However on balance what a privilege to be able to do this and hopefully fit my work around my life rather than the other way around. I’m off to pick up the children (once the coffee shakes have subsided).

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Going back to work – 6 tips I’ve learnt

Toddler spilling pensBeing 31 weeks’ pregnant (it still doesn’t seem real – even when it’s there in black and white) work should be something I’m thinking about winding down rather than starting afresh. But a few things recently have made me cast my mind back to when I started again post-mat leave just over two years ago. I had a difficult time back then, partly down to issues that I hope I don’t ever have to face again. And that’s without factoring in missing your little one, parental guilt etc. etc.

But there are definitely also positive learnings to be made from my experiences and if I could help my younger self to cope and can also remind myself for next time, here’s what I’d say. Continue reading

Hiding the bump: clothes that disguise your growing tummy

Telling my boss was a nerve wracking moment and I breathed a sigh of relief when my pregnancy was out in the open at work (a few people seemed to have noticed the decaf tea and the constant nibbling so it probably wasn’t the big surprise I thought it might be). But the majority of my clients still don’t know, so until they do I’m having to be pretty choosy with what I wear from Tuesday to Friday.

I’m 16 weeks with a growing bump: nothing massive but noticeable, particularly at the end of a day filled with nibbling (see above: it’s still going on). So if you’re in a similar situation, here’s what I’ve found works for me: Continue reading

It’s about time

Child's clockAs much as I continue to hone my multi-tasking skills (and I still believe they’ve got a lot better since I had a baby), they’re still not going to magic me any more time. This week I’ve spent a lot of time wishing I had more time.

We talked about having no time in a (great) Vonage Workshop about blogging as a business I went to yesterday (write up to follow, when I have time…) and again at work today. In fact I often seem to find myself Continue reading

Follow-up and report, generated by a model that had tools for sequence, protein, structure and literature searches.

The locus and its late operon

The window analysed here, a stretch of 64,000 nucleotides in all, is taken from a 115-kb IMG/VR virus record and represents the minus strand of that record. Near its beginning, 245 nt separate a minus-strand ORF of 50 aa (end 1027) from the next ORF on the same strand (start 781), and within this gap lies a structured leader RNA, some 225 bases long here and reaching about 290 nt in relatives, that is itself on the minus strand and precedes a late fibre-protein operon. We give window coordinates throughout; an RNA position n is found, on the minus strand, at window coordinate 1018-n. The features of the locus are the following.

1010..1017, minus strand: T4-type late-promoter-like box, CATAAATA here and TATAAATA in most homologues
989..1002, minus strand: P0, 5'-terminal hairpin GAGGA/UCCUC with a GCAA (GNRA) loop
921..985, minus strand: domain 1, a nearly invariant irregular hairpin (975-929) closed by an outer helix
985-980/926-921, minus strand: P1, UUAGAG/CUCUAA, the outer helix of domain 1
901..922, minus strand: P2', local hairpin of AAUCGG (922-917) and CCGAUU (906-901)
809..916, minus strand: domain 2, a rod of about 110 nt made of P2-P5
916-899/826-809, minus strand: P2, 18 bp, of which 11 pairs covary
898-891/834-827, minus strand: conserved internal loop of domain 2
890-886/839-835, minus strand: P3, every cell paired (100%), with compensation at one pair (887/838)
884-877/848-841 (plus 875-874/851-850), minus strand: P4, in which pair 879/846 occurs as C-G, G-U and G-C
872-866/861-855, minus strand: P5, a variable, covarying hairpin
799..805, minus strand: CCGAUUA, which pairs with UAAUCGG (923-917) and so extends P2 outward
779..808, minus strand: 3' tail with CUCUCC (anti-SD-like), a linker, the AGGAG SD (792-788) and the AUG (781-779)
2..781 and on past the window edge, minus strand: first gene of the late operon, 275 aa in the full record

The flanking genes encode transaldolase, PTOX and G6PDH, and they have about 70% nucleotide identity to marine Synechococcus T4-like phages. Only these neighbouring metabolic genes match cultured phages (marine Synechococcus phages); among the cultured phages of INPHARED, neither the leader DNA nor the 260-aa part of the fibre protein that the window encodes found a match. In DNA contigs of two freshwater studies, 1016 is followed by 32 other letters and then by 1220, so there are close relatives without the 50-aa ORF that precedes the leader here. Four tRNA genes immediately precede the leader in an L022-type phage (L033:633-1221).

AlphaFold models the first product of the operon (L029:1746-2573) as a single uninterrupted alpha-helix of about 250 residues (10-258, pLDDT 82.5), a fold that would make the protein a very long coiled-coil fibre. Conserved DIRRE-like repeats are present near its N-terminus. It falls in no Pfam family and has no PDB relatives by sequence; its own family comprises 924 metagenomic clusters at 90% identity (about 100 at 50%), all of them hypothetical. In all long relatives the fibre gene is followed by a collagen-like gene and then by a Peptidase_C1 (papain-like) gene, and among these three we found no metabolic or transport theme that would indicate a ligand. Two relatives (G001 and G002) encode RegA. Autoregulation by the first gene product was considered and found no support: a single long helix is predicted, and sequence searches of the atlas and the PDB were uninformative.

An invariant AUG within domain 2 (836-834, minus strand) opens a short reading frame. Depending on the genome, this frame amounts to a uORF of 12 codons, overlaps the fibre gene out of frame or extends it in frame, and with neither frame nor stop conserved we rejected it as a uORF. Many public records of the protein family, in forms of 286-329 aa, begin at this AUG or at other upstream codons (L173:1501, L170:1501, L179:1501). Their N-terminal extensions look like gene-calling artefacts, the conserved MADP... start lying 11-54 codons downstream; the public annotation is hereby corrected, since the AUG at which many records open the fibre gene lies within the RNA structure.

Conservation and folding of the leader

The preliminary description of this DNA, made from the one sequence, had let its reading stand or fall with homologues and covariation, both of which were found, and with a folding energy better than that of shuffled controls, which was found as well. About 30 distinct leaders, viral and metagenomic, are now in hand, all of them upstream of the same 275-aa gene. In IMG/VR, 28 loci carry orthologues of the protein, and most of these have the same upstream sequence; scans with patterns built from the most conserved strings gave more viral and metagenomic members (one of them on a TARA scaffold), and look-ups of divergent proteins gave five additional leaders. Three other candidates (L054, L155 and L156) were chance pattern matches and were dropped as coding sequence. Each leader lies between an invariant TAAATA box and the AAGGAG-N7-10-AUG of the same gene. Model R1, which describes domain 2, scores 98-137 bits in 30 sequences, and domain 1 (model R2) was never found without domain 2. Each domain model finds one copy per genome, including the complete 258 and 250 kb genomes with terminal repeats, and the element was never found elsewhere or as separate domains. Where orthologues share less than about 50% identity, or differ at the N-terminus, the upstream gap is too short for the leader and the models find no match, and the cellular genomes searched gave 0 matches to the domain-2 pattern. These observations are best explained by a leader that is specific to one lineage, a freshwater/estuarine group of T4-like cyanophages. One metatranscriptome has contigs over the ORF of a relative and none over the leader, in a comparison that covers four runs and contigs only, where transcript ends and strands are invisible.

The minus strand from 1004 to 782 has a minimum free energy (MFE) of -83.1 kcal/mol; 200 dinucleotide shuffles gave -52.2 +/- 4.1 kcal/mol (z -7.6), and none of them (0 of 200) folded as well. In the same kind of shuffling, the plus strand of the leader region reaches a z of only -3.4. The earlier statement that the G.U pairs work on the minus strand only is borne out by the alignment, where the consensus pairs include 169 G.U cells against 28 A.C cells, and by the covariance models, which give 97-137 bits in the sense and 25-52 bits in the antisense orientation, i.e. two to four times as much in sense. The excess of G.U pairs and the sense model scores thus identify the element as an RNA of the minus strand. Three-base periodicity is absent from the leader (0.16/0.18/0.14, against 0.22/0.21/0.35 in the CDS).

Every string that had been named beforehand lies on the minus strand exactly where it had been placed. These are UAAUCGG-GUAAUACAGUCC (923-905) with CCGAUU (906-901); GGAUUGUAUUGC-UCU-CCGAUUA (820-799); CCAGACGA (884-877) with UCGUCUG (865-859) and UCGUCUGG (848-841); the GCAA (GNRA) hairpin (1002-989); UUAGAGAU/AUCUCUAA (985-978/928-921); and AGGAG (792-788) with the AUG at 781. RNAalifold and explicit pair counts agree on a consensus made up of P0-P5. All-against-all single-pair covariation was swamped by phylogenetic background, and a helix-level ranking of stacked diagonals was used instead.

Don’t give up the day job: what a week

My husband’s cousin was staying with us for a few days this week as she did a course in London (she’s a super-smart Obs and Gyny Senior Registrar). It was lovely to have her up here, but she probably got the impression that this was a completely frantic household (which it can be sometimes) as my husband and I were hardly in at the same time. We had a clash of busy weeks, which meant our Nanny had to do some extra childcare, my in-laws had to fill in for a few hours as I went into town on my day off, I had various events to fit in, my husband was pitching so was out and about and it was generally pretty hectic. It was just one of those weeks.

Anyway, although I feel like I don’t know what day it is, I’m pretty sure it’s Friday and I’m glad of that. I work 4 days a week and it can get busy but I couldn’t keep up this week’s pace permanently – although I’m sure some people do and manage it well. Anyway, in amongst it all there were some nice moments of being in lovely places, enjoying the spring weather and life in London, so here’s a selection of my pics from my soon-to-be-retired iPhone (a new one is arriving tomorrow after a few false starts, fingers firmly crossed).

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New Year, no sleeping

Sleeping toddlerSleep’s got to be right up there as one of the, if not the, most talked about topics by parents across the land. At one stage, ‘how’s he/she sleeping?’ was the first question on my lips as I heaved my over-loaded pushchair into a cafe to sit and gulp down strong coffee with a group of other over-tired mums. That stage seemed to last for a while, as I’ve already written about.

It does get better (as I’d reassure my former sleep-deprived self if I could), but then there are lapses. And Continue reading